Acute and chronic B cell depletion disrupts CD4+ and CD8+ T cell homeostasis and expansion during acute viral infection in mice.

Journal Article

B cells provide humoral protection against pathogens and promote cellular immunity through diverse nonclassical effector functions. To assess B cell function in promoting T cell homeostasis, mature B cells were either acutely or chronically depleted in mice using CD20 mAb. Acute B cell depletion in either 2- or 4-mo-old mice significantly reduced spleen and lymph node CD4(+) and CD8(+) T cell numbers, including naive, activated, and Foxp3(+)CD25(+)CD4(+) regulatory T cell subsets. The numbers of IFN-γ- and TNF-α-producing T cells were also significantly reduced. Chronic B cell depletion for 6 mo in aged naive mice resulted in a 40-70% reduction in activated CD4(+) and CD8(+) T cell numbers and 20-50% reductions in IFN-γ-producing T cells. Therefore, B cells were necessary for maintaining naive CD4(+) and CD8(+) T cell homeostasis for subsequent optimal T cell expansion in young and old mice. To determine the significance of this finding, a week of B cell depletion in 4-mo-old mice was followed by acute viral infection with lymphocytic choriomeningitis virus Armstrong. Despite their expansion, activated and cytokine-producing CD4(+) and CD8(+) T cell numbers were still significantly reduced 1 wk later. Moreover, viral peptide-specific CD4(+) and CD8(+) T cell numbers and effector cell development were significantly reduced in mice lacking B cells, whereas lymphocytic choriomeningitis virus titers were dramatically increased. Thus, T cell function is maintained in B cell-depleted mice, but B cells are required for optimal CD4(+) and CD8(+) T cell homeostasis, activation, and effector development in vivo, particularly during responses to acute viral infection.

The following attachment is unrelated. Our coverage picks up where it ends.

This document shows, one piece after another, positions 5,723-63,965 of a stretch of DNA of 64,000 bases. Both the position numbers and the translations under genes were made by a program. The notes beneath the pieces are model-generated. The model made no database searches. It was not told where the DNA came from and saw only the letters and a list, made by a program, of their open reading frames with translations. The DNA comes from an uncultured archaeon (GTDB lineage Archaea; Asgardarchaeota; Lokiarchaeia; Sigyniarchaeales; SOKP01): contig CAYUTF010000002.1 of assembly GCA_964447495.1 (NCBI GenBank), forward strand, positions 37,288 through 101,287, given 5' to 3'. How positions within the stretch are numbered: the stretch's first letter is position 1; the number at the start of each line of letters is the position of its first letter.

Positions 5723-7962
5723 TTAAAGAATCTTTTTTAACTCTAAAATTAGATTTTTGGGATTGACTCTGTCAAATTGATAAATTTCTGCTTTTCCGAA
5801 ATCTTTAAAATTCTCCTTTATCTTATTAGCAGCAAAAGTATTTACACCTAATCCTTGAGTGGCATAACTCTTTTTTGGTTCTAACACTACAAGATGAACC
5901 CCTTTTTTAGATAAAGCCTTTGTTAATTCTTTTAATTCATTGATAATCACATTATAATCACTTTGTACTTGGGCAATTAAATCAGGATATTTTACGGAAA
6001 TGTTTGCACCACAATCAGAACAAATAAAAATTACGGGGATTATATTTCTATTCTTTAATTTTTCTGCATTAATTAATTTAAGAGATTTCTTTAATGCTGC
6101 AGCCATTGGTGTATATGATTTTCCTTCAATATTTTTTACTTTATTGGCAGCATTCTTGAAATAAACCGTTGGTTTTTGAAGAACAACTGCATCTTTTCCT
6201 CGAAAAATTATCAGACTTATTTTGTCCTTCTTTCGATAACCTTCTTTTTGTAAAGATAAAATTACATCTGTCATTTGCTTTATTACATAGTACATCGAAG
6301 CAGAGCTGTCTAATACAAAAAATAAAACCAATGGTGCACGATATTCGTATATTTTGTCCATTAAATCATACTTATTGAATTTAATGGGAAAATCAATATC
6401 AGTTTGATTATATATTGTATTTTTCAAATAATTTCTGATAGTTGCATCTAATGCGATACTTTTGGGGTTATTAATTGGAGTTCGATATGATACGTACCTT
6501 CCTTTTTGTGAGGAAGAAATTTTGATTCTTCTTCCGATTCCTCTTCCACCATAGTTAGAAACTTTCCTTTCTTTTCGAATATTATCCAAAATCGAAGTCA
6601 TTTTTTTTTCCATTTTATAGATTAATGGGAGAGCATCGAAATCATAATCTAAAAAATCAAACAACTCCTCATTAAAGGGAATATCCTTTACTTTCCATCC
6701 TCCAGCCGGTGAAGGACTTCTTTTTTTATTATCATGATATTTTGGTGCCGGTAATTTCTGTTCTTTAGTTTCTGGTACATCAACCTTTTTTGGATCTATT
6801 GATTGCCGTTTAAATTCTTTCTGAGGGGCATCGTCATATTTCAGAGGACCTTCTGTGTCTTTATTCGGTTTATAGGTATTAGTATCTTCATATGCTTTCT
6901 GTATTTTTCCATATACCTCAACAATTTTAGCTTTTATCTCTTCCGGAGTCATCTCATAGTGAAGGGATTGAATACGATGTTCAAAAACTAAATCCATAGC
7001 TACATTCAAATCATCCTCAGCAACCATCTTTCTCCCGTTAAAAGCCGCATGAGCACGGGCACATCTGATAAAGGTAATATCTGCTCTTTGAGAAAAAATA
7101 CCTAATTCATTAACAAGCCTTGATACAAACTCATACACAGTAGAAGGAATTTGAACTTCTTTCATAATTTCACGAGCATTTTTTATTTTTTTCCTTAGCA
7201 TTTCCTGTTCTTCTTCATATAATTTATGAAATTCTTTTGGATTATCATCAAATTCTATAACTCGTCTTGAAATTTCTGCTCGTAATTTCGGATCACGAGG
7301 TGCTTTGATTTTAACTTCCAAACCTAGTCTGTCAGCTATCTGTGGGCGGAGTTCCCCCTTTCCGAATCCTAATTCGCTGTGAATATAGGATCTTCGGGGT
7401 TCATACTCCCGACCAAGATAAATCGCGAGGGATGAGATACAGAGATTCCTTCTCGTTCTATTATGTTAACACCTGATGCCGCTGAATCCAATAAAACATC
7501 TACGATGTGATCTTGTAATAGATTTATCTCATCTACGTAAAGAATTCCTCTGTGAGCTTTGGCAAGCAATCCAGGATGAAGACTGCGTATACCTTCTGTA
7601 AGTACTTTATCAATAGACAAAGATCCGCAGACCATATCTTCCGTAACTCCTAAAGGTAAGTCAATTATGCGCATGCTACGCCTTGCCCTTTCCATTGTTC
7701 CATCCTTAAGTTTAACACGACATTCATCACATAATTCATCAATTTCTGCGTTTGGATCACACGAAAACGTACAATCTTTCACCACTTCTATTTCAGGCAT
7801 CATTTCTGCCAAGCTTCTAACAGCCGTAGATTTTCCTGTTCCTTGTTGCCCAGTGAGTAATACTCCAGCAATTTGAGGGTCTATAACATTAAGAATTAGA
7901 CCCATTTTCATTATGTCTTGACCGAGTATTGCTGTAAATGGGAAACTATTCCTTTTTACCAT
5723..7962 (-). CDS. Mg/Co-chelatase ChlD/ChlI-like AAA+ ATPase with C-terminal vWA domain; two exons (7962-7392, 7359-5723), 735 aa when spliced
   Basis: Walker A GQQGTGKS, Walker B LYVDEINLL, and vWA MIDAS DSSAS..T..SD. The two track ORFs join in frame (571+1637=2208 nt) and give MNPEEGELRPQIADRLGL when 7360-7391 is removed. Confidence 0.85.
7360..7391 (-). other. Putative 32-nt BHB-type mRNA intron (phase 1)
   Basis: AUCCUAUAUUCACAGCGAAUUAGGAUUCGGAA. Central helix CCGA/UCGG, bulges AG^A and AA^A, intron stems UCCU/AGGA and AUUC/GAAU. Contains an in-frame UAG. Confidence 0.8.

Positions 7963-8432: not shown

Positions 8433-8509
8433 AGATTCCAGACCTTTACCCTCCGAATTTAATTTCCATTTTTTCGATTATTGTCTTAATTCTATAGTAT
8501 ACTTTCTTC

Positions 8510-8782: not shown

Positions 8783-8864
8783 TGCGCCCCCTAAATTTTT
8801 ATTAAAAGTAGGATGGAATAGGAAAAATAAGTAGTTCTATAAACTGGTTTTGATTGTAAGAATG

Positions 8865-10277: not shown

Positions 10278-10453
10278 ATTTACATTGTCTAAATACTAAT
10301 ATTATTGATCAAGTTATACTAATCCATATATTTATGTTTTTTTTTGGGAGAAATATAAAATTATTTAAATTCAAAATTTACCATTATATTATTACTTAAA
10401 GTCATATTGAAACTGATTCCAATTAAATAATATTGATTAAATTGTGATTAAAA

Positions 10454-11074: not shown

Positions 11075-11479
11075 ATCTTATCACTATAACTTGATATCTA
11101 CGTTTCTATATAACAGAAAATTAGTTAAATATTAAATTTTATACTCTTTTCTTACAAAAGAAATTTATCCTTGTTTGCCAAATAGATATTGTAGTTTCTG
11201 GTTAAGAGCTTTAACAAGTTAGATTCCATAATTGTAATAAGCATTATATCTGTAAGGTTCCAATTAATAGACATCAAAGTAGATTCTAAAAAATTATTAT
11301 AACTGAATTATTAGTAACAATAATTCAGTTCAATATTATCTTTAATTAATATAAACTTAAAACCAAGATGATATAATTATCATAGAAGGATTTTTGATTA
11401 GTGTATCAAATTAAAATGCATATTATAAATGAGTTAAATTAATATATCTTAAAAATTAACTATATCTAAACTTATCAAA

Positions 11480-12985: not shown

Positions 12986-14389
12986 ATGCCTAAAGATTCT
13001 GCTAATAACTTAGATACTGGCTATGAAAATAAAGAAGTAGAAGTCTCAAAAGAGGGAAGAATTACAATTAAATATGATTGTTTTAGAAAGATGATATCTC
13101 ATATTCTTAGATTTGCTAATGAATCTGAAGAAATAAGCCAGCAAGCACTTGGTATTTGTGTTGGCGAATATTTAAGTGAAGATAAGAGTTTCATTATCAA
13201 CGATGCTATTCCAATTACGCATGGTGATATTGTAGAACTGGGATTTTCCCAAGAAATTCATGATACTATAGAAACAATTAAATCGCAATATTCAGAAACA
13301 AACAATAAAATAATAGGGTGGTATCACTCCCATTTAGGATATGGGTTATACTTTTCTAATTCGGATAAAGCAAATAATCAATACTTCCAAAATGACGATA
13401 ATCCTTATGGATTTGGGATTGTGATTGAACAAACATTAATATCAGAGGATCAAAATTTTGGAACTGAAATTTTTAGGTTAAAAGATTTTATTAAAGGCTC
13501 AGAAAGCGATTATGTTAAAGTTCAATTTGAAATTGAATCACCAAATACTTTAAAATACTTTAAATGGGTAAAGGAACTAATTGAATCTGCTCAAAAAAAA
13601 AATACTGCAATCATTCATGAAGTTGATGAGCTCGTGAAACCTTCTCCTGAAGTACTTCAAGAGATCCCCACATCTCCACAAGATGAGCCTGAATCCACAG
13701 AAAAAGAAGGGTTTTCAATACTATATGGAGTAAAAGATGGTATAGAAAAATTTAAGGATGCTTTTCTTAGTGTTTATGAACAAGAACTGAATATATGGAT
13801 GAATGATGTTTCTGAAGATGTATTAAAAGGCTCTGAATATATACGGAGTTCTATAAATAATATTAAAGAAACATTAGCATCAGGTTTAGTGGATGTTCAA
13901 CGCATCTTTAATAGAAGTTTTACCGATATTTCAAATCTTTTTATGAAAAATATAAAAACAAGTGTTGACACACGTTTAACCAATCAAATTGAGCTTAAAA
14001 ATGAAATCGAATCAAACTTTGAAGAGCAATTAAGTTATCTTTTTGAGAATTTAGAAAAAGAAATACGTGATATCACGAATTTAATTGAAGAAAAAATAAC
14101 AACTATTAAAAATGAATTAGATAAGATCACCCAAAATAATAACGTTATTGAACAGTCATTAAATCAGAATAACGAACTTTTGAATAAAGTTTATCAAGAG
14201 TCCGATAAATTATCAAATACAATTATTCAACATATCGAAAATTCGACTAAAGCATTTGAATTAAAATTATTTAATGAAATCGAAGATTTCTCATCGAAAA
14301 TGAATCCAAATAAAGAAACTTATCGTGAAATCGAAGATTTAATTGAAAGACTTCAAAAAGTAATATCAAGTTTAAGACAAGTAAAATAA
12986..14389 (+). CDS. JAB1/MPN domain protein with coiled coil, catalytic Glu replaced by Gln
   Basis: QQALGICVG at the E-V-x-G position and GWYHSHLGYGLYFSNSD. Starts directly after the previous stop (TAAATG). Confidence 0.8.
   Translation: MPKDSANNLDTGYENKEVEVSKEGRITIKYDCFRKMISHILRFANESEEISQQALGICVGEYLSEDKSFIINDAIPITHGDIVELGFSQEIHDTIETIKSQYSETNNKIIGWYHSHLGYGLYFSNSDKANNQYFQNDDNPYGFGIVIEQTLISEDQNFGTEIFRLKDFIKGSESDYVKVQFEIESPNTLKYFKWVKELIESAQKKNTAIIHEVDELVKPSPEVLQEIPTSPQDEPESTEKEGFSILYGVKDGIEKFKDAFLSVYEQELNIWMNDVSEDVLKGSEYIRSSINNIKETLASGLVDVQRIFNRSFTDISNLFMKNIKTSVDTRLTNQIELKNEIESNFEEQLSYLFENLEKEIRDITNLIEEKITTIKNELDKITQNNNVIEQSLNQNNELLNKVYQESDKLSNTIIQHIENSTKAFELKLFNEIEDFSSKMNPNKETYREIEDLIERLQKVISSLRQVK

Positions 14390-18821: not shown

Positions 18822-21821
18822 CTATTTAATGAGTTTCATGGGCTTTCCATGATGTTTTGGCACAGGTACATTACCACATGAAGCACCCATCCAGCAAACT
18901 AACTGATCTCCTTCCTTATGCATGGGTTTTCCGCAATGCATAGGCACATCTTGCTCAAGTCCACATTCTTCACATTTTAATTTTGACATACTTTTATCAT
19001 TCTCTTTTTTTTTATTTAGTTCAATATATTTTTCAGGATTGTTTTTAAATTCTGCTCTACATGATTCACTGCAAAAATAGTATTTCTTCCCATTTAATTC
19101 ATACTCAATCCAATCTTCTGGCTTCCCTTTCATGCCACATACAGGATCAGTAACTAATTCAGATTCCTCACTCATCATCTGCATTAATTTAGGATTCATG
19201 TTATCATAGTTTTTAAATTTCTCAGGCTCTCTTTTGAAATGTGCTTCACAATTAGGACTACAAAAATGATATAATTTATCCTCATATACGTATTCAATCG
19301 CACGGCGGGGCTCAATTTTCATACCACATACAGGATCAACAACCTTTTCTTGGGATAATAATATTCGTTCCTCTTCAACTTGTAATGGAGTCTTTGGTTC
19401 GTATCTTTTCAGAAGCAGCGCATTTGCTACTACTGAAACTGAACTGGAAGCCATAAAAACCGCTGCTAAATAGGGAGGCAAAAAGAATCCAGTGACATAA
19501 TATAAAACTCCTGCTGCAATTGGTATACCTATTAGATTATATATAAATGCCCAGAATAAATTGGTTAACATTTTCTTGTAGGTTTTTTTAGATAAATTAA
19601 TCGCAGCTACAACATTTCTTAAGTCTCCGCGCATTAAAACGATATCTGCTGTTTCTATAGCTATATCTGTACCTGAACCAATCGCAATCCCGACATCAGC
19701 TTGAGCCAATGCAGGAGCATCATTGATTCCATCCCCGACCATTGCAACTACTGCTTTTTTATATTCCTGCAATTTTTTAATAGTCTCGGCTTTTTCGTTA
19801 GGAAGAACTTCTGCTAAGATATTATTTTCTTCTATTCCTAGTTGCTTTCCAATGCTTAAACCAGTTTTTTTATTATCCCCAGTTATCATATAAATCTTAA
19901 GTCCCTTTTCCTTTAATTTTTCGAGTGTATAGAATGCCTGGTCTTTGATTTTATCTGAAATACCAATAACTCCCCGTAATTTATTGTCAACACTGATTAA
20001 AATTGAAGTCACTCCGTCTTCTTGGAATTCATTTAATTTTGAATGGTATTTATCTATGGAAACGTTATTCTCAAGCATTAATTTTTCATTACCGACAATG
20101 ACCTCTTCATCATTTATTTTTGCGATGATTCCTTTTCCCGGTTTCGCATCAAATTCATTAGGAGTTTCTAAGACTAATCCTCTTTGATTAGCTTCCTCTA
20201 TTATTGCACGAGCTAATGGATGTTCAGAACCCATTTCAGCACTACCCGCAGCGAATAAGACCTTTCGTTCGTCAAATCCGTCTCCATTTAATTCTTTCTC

Full Text

Duke Authors

Cited Authors

  • Lykken, JM; DiLillo, DJ; Weimer, ET; Roser-Page, S; Heise, MT; Grayson, JM; Weitzmann, MN; Tedder, TF

Published Date

  • July 2014

Published In

Volume / Issue

  • 193 / 2

Start / End Page

  • 746 - 756

PubMed ID

  • 24928986

Electronic International Standard Serial Number (EISSN)

  • 1550-6606

International Standard Serial Number (ISSN)

  • 0022-1767

Digital Object Identifier (DOI)

  • 10.4049/jimmunol.1302848

Language

  • eng